Indeed, after college I moved to Boston where I lived for the next 20 years or so- in a cockroach-infested apartment in Brighton, in three different makeshift artist lofts downtown, and then in a duplex I owned with a friend in Jamaica Plain. I got married, my husband and I consolidated our two households of “stuff” into one apartment, my friend got married and had two children, they moved out, and we decided to follow suit. We felt cramped and had become homebodies taking little advantage of the convenience of nearby restaurants and amenities or our proximity to the T. We also got sick of the occasional sounds of gunshots and all-night parties of nearby neighbors.

In 2015 we took the plunge and moved to Holliston, to a home we fell in love with- a house on a two and a half acre lot with a garden, a swimming pool, a brook, lovely landscaping, and lots of privacy. Oh, and a chicken coop. We went from one extreme to the other, and while I had dabbled in container gardening and watched my parents manicuring their lawn and planting shrubs and annuals, I needed a crash course in country living!

I set a goal, to at least avoid killing all the beautiful plants during the first year. With books like Pruning Basics by David Squire I did teach myself “the basics” of pruning rhododendrons, roses of Sharon, and lilacs. I kept a log book of what came up when: hellebore and daffodils first, followed by irises and poppies, and at this time of year various lilies, daisies and roses. Martha Stewart’s recent Martha’s Flowers provided great ideas for arranging and displaying cut flowers to bring the beauty of the yard inside the house.

Facing a daunting fenced-in garden, I set to work watching YouTube videos and scouring Improving Your Soil by Keith Reid. I learned about prepping soil, rented a rototiller, bought seeds, and planned the layout. Companion planting (see Louise Riotte’s Carrots Love Tomatoes) became a passion. I ended up with too many zucchinis and cucumbers, and relied on Bittman’s trusty How to Cook Everything Vegetarian to make use of it all. Imagine my pride serving guests garden-fresh salads and arugula walnut pesto, followed by cucumber mint sorbet.

The property did not come with chickens, and I insisted on waiting for a year before acquiring any. We had enough to learn during the first year. On the anniversary of moving in, I brought 6 tiny chicks home and delved into the study of keeping them happy and alive. For anyone with the capacity and will to venture into chicken parenting, the library has Storey’s Guide to Raising Chickens, and A Kid’s Guide to Keeping Chickens, if the children want to help. To get a feel for the way chicken-owners become attached to their flocks, watch the hilarious documentary Chicken People.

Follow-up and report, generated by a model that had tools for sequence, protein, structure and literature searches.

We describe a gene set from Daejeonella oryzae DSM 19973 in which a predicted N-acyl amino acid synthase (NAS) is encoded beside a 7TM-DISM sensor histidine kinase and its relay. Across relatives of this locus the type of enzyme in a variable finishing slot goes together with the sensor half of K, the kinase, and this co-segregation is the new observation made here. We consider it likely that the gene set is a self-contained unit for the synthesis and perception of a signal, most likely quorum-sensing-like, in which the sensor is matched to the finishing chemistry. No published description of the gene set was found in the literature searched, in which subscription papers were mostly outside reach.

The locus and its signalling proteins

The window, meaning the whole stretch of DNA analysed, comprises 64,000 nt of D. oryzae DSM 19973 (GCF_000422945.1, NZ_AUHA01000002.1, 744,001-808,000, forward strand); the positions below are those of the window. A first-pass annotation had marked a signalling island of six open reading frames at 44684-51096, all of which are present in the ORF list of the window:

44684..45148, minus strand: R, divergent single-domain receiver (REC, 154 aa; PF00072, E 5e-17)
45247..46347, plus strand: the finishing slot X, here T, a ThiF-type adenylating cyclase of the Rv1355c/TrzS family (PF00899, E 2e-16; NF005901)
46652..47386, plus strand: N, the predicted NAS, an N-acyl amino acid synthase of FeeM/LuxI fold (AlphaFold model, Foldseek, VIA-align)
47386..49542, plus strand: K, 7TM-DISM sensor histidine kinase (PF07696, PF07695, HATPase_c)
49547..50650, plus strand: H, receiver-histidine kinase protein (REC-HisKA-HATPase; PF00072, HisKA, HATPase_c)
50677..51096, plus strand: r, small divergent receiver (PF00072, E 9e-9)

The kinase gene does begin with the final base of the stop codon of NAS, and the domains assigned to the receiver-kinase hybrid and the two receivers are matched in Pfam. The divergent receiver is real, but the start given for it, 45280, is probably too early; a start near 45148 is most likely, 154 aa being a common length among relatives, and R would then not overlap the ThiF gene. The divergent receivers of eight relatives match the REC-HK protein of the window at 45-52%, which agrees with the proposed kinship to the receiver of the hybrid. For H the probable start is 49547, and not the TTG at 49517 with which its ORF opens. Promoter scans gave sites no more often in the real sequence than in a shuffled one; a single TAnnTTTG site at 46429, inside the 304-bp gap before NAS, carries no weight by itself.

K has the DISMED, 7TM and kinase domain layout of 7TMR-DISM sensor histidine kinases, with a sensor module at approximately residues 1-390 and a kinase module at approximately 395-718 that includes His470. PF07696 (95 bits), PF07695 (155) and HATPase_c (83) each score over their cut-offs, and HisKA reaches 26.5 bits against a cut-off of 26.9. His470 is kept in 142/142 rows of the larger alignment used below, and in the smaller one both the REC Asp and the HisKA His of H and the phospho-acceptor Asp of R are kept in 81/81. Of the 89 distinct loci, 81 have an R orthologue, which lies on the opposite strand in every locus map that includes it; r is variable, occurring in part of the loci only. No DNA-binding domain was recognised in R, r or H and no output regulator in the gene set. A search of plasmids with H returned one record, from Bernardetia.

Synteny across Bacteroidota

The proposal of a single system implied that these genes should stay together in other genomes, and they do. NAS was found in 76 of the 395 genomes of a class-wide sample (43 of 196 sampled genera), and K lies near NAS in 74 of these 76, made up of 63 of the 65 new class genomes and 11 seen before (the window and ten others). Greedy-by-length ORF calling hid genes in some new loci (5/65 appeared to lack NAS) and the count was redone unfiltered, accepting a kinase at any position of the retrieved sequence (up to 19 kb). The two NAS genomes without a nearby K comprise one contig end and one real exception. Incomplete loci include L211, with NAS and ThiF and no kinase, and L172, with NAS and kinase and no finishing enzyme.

Of course, with chickens come abundant eggs. We didn’t realize just how many eggs! Fortunately I received Rachel Khong’s All About Eggs, and Eggs, by Michel Roux, as gifts. For the library’s volunteer appreciation get-together I made “Green Goddess Deviled Eggs” from the library’s D’lish Deviled Eggs cookbook, and they got rave reviews.

Our country oasis surprised us over and over. I discovered Concord grapes growing along a fence and into the trees, and learned a bit about canning and preserving (see DIY Canning). I posted a photo of a weird brain-like mushroom and found out we had precious morels! This prompted the purchase of Foraging New England. Although strange mushrooms frighten me, I delight in harvesting wild berries, chard, and rogue tomato plants that manage to self-seed in the woods.

Home ownership is not all fun and games though. Having never maintained a pool before, I discovered What Color is Your Swimming Pool. With so much space to fill with more and more stuff, I finally read Kondo’s The Life-Changing Magic of Tidying Up, and learned to de-clutter. Just because you have room for it doesn’t mean you need to keep it and crowd your living space with junk.

Sometimes I miss the variety of restaurants in Boston, and I don’t like the long ride to and from the city when visiting friends or attending events, but at this stage in life, I definitely prefer being a country girl. A Zen-like calm comes over me while gardening, and after reading my grandmother’s memoir about farm life in Lithuania, I wonder whether this knack is in my DNA. As I listen to songbirds, “peeper” frogs, and even the silence of winter- when I smile watching the silly chickens or discovering that the peonies have bloomed, I have no regrets about moving.

Lydia Sampson is the Head of the Technical Services Dept. at the Morrill Memorial Library in Norwood, Massachusetts. Read Lydia’s column in the July 12, 2018 edition of the Norwood Transcript and Bulletin.